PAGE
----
Enter Lars Syll11 September, 2012 at 15:37 | Posted in Economics, Theory of Science & Methodology | 2 Comments
Enter Lars Syll, an economist at Malmö University in Sweden who specializes in economic philosophy and methodology and seems to be a kind of Post-Keynesian, not a New Keynesian like Krugman and Wren-Lewis. Post-Keynesians have long tried to return to Keynes’ original thought, particularly on uncertainty, and not on the disciples that followed. Syll went hard after Wren-Lewis’ post with one of his own titled, “Wren-Lewis Drivelling on Macroeconomics.” Syll does not mince words: “Again, this self-congratulatory attitude. All macroeconomists share the same (mainstream neoclassical) basic theory, so when we discuss and argue it’s only about which policy and model to choose. All the more or less licensed and shared models and policies are already there on the shelf and we just have to decide which one to pick for today’s problem solving.” Syll declares a pox on both the Classical and the New Keynesians, both of which, he says, use unrealistic and unrepresentative models. Again, Krugman steps in to argue Wren-Lewis’ point: In research, playing with models, even if they are unrealistic, can help clarify thinking. It’s when you apply these models to policy issues that you usher politics into the game. Krugman makes the distinction between “gadgets,” that is some “brilliantly silly” theoretical models he has found useful, and fundamentals. A gadget is an aid to thought; a “fundamental” is some inevitably inadequate representation of reality. Krugman ends with a sigh. “But I guess not everyone on the sensible side [his side, of course] of macro sees it that way. And that is a problem. A gadget is a gadget, and you should not let it define your field.”
In a long post a day later, Syll describes himself as a heterodox economist (he now calls Krugman a “sort-kinda New Keynesian”) who draws his inspiration from Keynes, but not from those who followed him and tried to formalize his thinking, like John Hicks and his IS-LM model, which Krugman defended as an aid in his work on liquidity traps. Again, it’s all about the models–it’s all about how we even begin to think about the foundations, or the microfoundations, of economics. “On most macroeconomic policy discussions I find myself in agreement with Krugman,” writes Syll. “To me that just shows Krugman is right in spite of and not thanks to those models he ultimately refers to. When he is discussing austerity measures, ricardian equivalence or problems with the euro, he is actually not using those models, but rather simpler and more adequate and relevant thought constructions in the vein of Keynes … A gadget is just a gadget–and brilliantly silly models do not help us working with the fundamental issue of modern economics.”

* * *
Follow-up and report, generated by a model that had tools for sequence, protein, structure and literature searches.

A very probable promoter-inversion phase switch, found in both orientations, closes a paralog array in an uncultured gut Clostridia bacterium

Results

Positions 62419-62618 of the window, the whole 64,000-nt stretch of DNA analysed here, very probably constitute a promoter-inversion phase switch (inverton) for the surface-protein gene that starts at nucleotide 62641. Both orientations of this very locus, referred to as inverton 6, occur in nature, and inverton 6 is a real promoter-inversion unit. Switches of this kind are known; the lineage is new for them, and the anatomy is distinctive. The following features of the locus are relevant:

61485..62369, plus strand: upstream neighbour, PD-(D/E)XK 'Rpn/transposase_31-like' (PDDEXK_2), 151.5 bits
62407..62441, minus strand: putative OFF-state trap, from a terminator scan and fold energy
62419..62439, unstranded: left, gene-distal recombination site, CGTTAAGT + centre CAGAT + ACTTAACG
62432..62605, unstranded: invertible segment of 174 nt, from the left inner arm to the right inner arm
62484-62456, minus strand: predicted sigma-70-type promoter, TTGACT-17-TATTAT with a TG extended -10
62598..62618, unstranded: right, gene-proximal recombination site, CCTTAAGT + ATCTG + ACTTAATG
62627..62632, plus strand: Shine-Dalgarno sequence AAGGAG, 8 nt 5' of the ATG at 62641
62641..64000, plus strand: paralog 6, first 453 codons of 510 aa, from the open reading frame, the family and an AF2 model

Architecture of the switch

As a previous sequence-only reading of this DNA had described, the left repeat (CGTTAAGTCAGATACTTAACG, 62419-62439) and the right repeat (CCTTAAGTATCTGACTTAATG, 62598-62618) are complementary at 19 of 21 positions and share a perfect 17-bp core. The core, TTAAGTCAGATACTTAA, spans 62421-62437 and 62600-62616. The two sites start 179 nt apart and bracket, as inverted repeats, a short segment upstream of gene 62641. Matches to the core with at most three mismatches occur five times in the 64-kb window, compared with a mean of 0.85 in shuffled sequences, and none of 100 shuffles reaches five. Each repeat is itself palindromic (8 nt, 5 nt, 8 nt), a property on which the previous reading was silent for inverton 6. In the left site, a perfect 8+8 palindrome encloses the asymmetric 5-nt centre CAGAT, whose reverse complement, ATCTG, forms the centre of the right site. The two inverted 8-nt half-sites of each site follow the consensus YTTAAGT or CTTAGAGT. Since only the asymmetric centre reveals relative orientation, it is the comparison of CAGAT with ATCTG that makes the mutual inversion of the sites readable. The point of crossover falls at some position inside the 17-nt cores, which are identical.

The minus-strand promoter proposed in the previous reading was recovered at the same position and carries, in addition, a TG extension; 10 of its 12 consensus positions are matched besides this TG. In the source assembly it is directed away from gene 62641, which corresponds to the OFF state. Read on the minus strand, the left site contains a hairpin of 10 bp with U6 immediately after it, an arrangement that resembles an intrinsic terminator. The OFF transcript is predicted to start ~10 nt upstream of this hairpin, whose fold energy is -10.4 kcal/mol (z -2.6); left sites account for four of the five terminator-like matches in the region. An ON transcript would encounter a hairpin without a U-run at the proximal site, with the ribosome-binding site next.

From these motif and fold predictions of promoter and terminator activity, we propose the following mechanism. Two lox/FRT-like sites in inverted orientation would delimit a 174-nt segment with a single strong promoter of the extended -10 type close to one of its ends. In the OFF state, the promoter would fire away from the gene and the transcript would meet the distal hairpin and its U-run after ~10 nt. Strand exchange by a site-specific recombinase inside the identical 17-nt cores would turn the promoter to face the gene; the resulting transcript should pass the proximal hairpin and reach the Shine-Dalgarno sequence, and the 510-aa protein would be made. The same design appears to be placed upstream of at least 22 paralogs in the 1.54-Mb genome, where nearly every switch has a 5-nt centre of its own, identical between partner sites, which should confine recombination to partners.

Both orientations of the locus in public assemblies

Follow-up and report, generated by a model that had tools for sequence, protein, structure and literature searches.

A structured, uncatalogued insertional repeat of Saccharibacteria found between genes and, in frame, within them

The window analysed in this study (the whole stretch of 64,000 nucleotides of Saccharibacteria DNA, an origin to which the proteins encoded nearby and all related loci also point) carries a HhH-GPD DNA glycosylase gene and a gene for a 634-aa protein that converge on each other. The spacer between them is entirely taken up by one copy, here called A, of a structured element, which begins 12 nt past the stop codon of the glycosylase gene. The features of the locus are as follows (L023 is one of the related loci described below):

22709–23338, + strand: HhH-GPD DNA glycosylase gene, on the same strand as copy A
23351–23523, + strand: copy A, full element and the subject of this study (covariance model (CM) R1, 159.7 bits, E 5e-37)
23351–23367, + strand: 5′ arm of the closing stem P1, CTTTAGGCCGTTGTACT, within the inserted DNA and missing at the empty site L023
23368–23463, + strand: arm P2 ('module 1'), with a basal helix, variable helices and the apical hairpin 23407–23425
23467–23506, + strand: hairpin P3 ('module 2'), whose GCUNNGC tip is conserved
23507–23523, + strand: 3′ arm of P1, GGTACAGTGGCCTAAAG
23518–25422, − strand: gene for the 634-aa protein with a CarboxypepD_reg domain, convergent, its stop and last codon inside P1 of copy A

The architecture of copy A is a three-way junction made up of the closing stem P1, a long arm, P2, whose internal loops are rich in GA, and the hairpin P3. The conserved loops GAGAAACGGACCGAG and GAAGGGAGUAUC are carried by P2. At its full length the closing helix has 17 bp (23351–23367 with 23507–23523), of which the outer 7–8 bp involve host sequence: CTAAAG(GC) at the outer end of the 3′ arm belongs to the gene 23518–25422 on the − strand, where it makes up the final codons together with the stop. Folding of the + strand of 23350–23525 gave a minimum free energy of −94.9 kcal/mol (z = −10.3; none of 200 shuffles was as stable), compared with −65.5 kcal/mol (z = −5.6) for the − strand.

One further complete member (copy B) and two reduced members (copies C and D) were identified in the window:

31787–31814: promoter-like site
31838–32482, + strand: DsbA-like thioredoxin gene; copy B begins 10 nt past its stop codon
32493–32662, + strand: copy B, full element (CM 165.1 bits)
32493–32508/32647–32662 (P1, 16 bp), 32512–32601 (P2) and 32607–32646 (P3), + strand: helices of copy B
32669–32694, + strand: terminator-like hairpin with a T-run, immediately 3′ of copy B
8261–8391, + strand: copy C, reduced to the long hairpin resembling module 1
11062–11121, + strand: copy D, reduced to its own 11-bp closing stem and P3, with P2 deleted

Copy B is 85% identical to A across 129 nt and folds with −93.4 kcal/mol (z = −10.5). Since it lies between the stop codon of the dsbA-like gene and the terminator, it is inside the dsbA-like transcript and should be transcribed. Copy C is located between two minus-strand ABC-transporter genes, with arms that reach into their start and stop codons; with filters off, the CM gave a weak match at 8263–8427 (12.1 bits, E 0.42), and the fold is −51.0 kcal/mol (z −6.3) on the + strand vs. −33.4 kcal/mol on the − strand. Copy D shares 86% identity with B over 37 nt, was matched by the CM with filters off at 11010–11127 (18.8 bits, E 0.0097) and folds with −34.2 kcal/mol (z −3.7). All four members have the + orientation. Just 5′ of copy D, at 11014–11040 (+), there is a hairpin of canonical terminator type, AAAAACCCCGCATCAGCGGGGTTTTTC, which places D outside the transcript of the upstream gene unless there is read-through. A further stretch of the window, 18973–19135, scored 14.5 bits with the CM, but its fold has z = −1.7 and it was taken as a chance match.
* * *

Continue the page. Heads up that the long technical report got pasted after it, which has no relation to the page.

OK, for anyone without an economics degree, this back-and-forth may seem like the nattering of some lost tribe in the jungle: Hicks and Keynes; Lucas and Krugman; views of dynamic stochastic general equilibrium models or the Dixit-Stiglitz model of monopolistic competition; gadgets and fundamentals; New Keynesians and Post-Keynesians; and a dash of intertemporal optimization. Where will it all end? Again, while the debate gets quickly technical, the larger question is sitting right there. What kind of endeavor is economics? Is it a science like physics? What are its limits? Can we accurately model human behavior? How much certainty can we reasonably expect from economists? This is not just ivory tower philosophizing. We live in an age when economics, for better or worse, rules. Nations rise and fall because of economics. Elections hang on judgments of economists, and vast forces are either restrained or unleashed (look at British austerity policies). They are the technocratic agents par excellence; they even get op-ed columns in major newspapers. It is useful to recall these debates over methodologies (which continue unabated, with newish posts from nearly everyone) when economists declare this or that with ineffable certainty. It may be wonkish, but it may be the most important debate of all.
Robert Teitelman The Deal